Lewis Hamilton, Mercedes, Red Bull Ring, 2014

Hamilton leads another Mercedes one-two in Austria

2014 Austrian Grand Prix second practicePosted on | Author Keith Collantine

Lewis Hamilton, Mercedes, Red Bull Ring, 2014Mercedes remained on top during the second practice session for the Austrian Grand Prix but this time is was Lewis Hamilton who led the way.

Nico Rosberg took three attempts to get within four-tenths of a second of his team mate, as the two W05s were the only cars to lap the Red Bull Ring in under 70 seconds.

However the gap between the silver cars and their rivals widened considerably in the afternoon session. Fernando Alonso was third-quickest for Ferrari, over nine-tenths of a second off Hamilton’s pace.

The Williams pair were close behind, Valtteri Bottas and Felipe Massa within five-hundredths of a second of the Ferrari. Red Bull enjoyed a better second session at their home track, with Sebastian Vettel in sixth place and Daniel Ricciardo eighth.

A rain shower briefly threatened the final minutes of the session while the drivers were completing their race simulations. But while stronger winds briefly made for challenging conditions the track stayed dry.

Pos. No. Driver Car Best lap Gap Laps
1 44 Lewis Hamilton Mercedes 1’09.542 50
2 6 Nico Rosberg Mercedes 1’09.919 0.377 37
3 14 Fernando Alonso Ferrari 1’10.470 0.928 40
4 77 Valtteri Bottas Williams-Mercedes 1’10.519 0.977 44
5 19 Felipe Massa Williams-Mercedes 1’10.521 0.979 39
6 1 Sebastian Vettel Red Bull-Renault 1’10.807 1.265 39
7 22 Jenson Button McLaren-Mercedes 1’10.813 1.271 44
8 3 Daniel Ricciardo Red Bull-Renault 1’10.920 1.378 36
9 20 Kevin Magnussen McLaren-Mercedes 1’10.936 1.394 45
10 25 Jean-Eric Vergne Toro Rosso-Renault 1’10.972 1.430 39
11 7 Kimi Raikkonen Ferrari 1’10.974 1.432 45
12 26 Daniil Kvyat Toro Rosso-Renault 1’11.261 1.719 45
13 11 Sergio Perez Force India-Mercedes 1’11.296 1.754 36
14 21 Esteban Gutierrez Sauber-Ferrari 1’11.491 1.949 42
15 13 Pastor Maldonado Lotus-Renault 1’11.765 2.223 30
16 99 Adrian Sutil Sauber-Ferrari 1’11.806 2.264 42
17 27 Nico Hulkenberg Force India-Mercedes 1’11.935 2.393 39
18 4 Max Chilton Marussia-Ferrari 1’12.229 2.687 43
19 8 Romain Grosjean Lotus-Renault 1’12.262 2.720 46
20 17 Jules Bianchi Marussia-Ferrari 1’12.279 2.737 36
21 10 Kamui Kobayashi Caterham-Renault 1’12.937 3.395 24
22 9 Marcus Ericsson Caterham-Renault 1’13.596 4.054 48

Image © Daimler/Hoch Zwei

35 comments on “Hamilton leads another Mercedes one-two in Austria”

  1. So after months and months of god-awful complaining about how the new engine formula is terrible, etc etc, the Mercedes guys are within 2 seconds of the V10 lap record. That’s one hell of an achievement given how restrictive the tech regulations have become in the last decade.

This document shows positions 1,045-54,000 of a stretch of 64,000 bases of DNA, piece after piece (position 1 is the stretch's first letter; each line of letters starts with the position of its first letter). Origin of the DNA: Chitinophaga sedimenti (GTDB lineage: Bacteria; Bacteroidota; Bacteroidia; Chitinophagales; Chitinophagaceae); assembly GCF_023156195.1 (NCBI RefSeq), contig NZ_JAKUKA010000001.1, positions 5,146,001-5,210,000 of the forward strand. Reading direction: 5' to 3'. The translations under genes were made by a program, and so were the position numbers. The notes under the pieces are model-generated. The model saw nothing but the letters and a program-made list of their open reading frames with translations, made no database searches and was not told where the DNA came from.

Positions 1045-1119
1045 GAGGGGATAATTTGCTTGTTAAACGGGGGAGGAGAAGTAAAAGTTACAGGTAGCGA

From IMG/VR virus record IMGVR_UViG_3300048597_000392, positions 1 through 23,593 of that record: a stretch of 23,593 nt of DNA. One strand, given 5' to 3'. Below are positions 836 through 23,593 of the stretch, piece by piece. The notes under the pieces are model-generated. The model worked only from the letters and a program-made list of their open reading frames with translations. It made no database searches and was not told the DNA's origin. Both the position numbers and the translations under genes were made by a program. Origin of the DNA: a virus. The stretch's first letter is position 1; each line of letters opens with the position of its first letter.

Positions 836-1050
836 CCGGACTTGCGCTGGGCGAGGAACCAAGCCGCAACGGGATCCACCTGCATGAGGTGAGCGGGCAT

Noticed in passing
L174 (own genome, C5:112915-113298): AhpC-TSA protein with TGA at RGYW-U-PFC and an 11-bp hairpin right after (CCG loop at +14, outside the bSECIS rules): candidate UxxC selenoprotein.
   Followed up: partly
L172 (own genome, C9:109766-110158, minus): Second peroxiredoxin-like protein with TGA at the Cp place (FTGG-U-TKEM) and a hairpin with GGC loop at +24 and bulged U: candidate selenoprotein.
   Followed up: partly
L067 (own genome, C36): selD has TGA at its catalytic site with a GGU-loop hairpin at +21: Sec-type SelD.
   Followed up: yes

Also it’s great to see Marussia slowly become more and more competitive, I can’t shake the thought that they might be battling in the midfield by the end of the season!

    1. And they are going to lower that laptime a lot till tomorrow qualify.
      I expect a 1.08.6-1.08.7 for pole.

      1. I think the pole time will be a 1.07

        1. I expect a 1.06s !

          1. No chance. Even a 1:07 is optimistic (but possible if Hamilton does “the lap”)

    2. 2 seconds is a lot in f1 though. Also are you referring to the backmarker v10 cars or the v10 front runners?

      1. Front runners – the fastest lap in 2003 was a 1:07.908 by MSC in the Ferrari

        1. On Wikipedia it says 1:08.337 …?

          1. The 1:07.908 time was in Friday qualifying, they had two qualifying sessions back then.

            The 1:08.337 time was fastest lap during the race.

      2. Front runners I would imagine. The fastest lap ever recorded on this layout was a 1.08.337 set by Schumacher in 2003.

        1. I think the fastest time ever was a 1:08.082. The pole position lap from Rubens Barrichello in 2002

    3. @ciaran
      You forget how much the cars were improved aerodynamically. I Remember Vettel breaking the track record in Albert Part and Hungaroring despite being down on power compared to the V10 powered cars

    4. I agree that given the restraints of the regulations, the performance from these cars is truly impressive. I am getting fed up though, with a difference of opinion being regularly referred to as ‘god awful complaining’, ‘moaning’ whining’ etc. So, some of us don’t like the 2014 engines. For me, it is not about performance, I would WAY rather have a racing car with much more power then grip, and I think ultimate lap times are almost irrelevant really. The lack of noise though, for many of we ‘purists’, is unforgivable. But it is not ‘moaning’, it is an opinion.

      1. Does me liking the new engine formula make me impure?

        1. Not all if you are just watching on TV.

      2. @paulguitar: Funnily enough, for many of we “purists” racing is more about the speed than the noise. You know, fastest driver wins, not loudest driver. But that’s just my opinion ;-)